Patriots' areas of interest vs. Steelers

Here are six key areas for the New England Patriots in their game against the Pittsburgh Steelers at Heinz Field on Sunday (4:15 p.m.):

1. Pass protection in the spread offense.
If past matchups are any indication, the Patriots will have the spread offense as a big part of their attack in hopes of neutralizing the Steelers' attacking defense and safety Troy Polamalu's ability to disrupt plays as a blitzer. To do so, they'll need to protect quarterback Tom Brady with limited help. If the offensive line can do that, the Patriots should have favorable matchups with their pass-catchers, with tight ends Rob Gronkowski and Aaron Hernandez big parts of that. Outside linebacker LaMarr Woodley has seven sacks, 5.5 of which have come in the last three games.

2. Bringing down Big Ben. The Patriots generated good pressure against quarterback Ben Roethlisberger last year and should be able to do so again. Defenders were excited in the locker room Friday when talking about plans to hopefully "pin their ears" back in this game. The Steelers' offensive line is not a top unit, and injuries have created instability up front. But generating pressure is only part of the challenge when facing Roethlisberger; bringing him down is especially tough because of his size (6-foot-5, 241 pounds).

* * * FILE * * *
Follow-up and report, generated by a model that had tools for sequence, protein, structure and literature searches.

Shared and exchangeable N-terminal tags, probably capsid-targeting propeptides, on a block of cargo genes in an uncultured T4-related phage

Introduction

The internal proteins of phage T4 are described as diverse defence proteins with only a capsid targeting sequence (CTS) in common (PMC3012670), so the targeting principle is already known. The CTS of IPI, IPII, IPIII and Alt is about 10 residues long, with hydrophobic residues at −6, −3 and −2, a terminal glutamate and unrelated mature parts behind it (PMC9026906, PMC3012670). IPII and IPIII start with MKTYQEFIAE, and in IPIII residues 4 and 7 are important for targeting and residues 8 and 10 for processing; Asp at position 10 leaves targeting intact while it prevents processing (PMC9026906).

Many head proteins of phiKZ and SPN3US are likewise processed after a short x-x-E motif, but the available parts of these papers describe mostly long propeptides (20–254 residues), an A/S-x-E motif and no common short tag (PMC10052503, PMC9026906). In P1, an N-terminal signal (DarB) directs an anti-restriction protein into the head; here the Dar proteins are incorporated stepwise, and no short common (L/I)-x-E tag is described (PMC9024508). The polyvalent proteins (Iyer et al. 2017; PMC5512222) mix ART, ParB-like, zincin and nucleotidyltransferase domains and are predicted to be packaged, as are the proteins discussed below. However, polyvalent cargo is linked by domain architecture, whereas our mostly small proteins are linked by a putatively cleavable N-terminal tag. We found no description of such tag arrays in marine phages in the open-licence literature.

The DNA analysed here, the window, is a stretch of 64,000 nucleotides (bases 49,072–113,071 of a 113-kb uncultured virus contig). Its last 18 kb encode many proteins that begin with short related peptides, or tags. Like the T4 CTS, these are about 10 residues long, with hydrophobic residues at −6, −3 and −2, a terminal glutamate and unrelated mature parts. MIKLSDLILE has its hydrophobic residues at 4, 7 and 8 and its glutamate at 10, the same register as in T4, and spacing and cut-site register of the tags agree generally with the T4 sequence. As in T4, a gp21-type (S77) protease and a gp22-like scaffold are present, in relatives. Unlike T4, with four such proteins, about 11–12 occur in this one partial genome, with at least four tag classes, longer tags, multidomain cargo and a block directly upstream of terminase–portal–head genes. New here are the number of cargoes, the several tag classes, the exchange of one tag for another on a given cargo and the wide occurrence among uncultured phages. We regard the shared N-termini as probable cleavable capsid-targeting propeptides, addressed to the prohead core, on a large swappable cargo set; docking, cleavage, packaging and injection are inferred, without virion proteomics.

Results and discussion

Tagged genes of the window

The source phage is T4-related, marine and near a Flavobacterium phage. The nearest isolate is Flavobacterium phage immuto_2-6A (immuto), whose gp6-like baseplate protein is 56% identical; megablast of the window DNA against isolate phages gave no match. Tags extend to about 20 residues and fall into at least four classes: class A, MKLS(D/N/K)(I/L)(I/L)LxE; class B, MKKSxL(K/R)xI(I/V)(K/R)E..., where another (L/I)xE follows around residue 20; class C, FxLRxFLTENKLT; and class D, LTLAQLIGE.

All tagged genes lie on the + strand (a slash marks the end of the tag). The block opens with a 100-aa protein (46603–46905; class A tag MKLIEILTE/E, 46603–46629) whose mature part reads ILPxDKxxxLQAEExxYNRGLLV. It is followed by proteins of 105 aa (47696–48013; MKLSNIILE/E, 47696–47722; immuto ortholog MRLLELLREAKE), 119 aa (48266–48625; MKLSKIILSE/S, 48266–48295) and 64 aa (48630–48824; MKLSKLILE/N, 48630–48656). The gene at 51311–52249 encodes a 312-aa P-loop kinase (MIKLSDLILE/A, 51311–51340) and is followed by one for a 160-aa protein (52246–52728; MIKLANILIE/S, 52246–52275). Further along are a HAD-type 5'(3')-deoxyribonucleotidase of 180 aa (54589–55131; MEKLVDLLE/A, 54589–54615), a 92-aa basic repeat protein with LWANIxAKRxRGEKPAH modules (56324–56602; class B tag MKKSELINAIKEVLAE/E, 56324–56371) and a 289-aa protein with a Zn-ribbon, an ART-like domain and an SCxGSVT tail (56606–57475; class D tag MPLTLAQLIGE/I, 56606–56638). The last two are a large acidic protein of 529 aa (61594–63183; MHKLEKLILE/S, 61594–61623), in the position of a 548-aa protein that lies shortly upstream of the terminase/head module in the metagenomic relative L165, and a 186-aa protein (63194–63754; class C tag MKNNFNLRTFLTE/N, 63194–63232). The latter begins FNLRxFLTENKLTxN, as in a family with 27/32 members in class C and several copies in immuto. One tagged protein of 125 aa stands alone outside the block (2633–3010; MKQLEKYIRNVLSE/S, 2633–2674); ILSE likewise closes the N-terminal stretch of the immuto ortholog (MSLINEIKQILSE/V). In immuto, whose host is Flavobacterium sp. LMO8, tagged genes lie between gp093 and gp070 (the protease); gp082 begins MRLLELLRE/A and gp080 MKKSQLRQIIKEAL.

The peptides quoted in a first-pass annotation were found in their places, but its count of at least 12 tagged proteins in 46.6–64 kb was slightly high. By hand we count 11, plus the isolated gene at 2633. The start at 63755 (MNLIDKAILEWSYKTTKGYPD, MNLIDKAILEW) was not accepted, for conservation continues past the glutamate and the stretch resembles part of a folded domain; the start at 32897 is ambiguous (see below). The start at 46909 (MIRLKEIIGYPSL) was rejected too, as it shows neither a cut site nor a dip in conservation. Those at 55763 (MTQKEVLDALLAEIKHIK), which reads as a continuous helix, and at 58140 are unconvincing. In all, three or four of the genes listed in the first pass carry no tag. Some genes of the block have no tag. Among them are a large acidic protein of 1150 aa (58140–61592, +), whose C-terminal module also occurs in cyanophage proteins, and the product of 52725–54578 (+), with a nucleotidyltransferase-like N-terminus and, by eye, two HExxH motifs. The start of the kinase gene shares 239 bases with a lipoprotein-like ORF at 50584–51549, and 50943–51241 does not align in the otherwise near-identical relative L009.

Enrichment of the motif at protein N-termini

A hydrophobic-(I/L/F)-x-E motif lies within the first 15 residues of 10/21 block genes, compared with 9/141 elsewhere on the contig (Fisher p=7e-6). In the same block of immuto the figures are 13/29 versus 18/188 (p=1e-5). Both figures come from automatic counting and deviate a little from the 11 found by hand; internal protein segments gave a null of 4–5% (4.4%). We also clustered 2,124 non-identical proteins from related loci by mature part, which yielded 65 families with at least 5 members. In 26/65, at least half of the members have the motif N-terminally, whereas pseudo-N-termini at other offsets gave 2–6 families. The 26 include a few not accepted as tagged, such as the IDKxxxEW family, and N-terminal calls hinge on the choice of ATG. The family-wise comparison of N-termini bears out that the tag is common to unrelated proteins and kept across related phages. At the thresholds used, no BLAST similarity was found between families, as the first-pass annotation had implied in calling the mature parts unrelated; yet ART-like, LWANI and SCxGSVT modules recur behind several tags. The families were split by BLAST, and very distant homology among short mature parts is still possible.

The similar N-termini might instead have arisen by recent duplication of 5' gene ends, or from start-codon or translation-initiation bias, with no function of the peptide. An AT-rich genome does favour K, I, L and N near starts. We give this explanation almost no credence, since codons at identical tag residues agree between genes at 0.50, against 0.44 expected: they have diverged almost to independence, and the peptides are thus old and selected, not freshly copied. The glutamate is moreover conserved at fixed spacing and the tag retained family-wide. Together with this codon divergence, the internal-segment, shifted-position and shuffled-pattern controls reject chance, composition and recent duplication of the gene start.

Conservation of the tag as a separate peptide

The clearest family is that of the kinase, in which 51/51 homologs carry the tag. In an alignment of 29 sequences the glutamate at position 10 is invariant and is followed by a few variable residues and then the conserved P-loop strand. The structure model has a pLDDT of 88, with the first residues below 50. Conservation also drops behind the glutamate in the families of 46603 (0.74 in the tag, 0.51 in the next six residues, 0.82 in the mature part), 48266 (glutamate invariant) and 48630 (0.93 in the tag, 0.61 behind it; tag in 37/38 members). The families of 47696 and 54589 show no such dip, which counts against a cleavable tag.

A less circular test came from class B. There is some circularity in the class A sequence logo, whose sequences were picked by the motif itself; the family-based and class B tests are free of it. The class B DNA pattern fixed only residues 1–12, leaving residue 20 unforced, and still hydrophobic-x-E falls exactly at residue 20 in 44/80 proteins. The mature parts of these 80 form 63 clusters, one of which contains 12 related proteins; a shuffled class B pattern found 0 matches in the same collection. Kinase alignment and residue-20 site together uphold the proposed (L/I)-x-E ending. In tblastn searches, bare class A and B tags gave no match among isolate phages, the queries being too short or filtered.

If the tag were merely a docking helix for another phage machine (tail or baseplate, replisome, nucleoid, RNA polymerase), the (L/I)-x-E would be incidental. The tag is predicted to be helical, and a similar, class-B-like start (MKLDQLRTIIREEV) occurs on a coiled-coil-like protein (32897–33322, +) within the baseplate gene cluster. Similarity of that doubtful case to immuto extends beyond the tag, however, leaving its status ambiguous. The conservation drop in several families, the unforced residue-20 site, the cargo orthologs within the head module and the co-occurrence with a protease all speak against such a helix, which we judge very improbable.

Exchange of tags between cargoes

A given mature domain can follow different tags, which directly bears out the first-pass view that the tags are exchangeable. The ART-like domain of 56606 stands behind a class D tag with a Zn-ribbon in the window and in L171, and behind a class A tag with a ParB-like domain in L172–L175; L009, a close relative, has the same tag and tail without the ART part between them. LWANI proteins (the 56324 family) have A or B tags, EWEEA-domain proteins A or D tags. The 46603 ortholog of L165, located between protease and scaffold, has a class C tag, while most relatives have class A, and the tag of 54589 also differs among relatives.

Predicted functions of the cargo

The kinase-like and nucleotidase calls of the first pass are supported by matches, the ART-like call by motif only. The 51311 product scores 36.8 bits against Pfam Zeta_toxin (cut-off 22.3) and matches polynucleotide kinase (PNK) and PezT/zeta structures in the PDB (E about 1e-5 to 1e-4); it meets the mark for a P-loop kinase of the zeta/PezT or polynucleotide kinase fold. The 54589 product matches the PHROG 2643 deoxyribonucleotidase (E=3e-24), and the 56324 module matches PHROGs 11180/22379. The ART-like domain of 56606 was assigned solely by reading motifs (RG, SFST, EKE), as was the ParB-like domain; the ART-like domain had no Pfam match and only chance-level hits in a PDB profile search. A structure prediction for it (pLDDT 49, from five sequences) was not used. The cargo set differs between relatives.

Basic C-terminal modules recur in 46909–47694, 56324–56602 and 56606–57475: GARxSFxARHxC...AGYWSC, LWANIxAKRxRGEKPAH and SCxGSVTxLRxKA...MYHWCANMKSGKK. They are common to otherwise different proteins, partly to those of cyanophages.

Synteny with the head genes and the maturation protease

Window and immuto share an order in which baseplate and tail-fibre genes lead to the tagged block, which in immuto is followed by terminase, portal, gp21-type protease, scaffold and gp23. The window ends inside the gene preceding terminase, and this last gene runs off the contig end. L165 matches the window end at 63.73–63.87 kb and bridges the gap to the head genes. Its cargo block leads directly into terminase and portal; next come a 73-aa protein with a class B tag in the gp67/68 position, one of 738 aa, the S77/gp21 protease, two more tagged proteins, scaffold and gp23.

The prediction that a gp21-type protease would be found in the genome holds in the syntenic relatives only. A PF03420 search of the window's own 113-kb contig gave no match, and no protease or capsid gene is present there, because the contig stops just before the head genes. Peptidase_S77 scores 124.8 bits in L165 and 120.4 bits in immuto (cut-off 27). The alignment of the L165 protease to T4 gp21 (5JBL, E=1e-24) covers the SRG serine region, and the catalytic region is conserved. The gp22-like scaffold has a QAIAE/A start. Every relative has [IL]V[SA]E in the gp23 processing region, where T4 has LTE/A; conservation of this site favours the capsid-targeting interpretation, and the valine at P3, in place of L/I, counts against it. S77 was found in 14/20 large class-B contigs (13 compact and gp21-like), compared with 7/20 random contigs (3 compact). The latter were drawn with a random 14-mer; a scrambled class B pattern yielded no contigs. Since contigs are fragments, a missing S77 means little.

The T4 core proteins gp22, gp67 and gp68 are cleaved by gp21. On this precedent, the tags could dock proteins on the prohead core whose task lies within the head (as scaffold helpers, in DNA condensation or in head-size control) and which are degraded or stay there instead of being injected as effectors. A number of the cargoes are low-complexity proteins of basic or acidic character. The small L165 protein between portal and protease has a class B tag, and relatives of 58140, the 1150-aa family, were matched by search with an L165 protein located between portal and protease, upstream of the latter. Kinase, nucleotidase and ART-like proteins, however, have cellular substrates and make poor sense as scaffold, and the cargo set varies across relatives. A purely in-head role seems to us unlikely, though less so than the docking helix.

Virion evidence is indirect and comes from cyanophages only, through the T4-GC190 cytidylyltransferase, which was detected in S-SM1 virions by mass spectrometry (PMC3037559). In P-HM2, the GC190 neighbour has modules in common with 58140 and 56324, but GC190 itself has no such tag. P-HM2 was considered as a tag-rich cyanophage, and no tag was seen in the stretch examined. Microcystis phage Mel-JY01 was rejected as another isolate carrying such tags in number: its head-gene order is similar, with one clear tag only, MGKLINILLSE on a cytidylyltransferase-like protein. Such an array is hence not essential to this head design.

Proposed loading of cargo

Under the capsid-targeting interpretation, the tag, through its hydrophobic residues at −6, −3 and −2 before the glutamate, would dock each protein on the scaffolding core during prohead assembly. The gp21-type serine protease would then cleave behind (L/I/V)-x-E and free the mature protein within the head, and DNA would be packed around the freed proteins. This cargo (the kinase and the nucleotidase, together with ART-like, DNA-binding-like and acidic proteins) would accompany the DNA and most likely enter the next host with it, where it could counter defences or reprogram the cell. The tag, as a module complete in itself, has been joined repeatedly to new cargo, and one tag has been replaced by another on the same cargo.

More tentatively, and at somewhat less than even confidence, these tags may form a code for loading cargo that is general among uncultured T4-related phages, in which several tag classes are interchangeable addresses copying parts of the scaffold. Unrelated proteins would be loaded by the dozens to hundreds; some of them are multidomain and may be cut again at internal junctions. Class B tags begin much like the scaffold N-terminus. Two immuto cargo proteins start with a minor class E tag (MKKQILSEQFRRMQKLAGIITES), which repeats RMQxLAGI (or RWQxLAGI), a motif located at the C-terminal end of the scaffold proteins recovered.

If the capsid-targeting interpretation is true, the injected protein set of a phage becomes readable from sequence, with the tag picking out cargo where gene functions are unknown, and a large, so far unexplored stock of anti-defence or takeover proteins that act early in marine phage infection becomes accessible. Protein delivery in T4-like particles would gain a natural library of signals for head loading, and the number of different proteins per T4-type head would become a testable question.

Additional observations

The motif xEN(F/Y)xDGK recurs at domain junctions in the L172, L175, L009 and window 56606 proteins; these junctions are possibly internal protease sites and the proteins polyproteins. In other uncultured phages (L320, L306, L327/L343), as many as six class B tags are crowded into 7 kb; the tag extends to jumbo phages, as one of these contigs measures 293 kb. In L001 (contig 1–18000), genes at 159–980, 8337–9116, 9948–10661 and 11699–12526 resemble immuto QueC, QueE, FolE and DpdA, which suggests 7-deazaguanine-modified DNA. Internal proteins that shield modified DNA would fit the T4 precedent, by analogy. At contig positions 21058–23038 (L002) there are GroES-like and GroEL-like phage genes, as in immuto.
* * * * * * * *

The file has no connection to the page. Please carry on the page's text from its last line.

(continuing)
3. Accounting for the speed of receiver Mike Wallace. The Patriots haven't faced a receiver who can burn like Wallace. The third-year target out of Mississippi is averaging more than 20 yards per reception and had a 95-yard touchdown catch-and-run last Sunday against the Cardinals. James Ihedigbo has started the last two games at safety alongside Patrick Chung, and the safeties figure to be tested more than they were against the Jets and Cowboys.

4. Antwaun Molden and the third cornerback role. Friday's surprising release of veteran Leigh Bodden opens the door for Molden to be the nickel corner, which is how it unfolded in Oakland when Bodden didn't dress. How does he respond in Pittsburgh? Molden, a third-round pick of the Texans in 2008, has mostly been a special-teams player to this point in his career. Now he's moving up the ranks in New England, and if the Patriots are in a sub defense for the majority of snaps, he figures to be tested.

5. Impact of new players on the roster. After releasing Bodden on Friday, the Patriots opened a roster spot to activate one of their players on the physically unable to perform list -- running back Kevin Faulk, defensive linemen Ron Brace, Brandon Deaderick or Marcus Cannon. Promoting Faulk, whose excellence in pass protection would be an asset against the pressure-based schemes over the next month (Steelers, Giants, Jets), would make a lot of sense assuming he's ready to go. Brace and Deaderick would add depth and help in not having to rely on Vince Wilfork to play as many snaps.

6. Establishing some early balance. For all the talk about spread offenses and Brady's past success against the Steelers, the Patriots don't plan to ignore the running game. The Steelers have shown some vulnerability in that area, ranking 19th in the NFL with opponents averaging 4.5 yards per carry. Players have talked this week about matching the Steelers' physicality, which ties into that aspect of the matchup.

Mike Reiss covers the Patriots for ESPNBoston.com.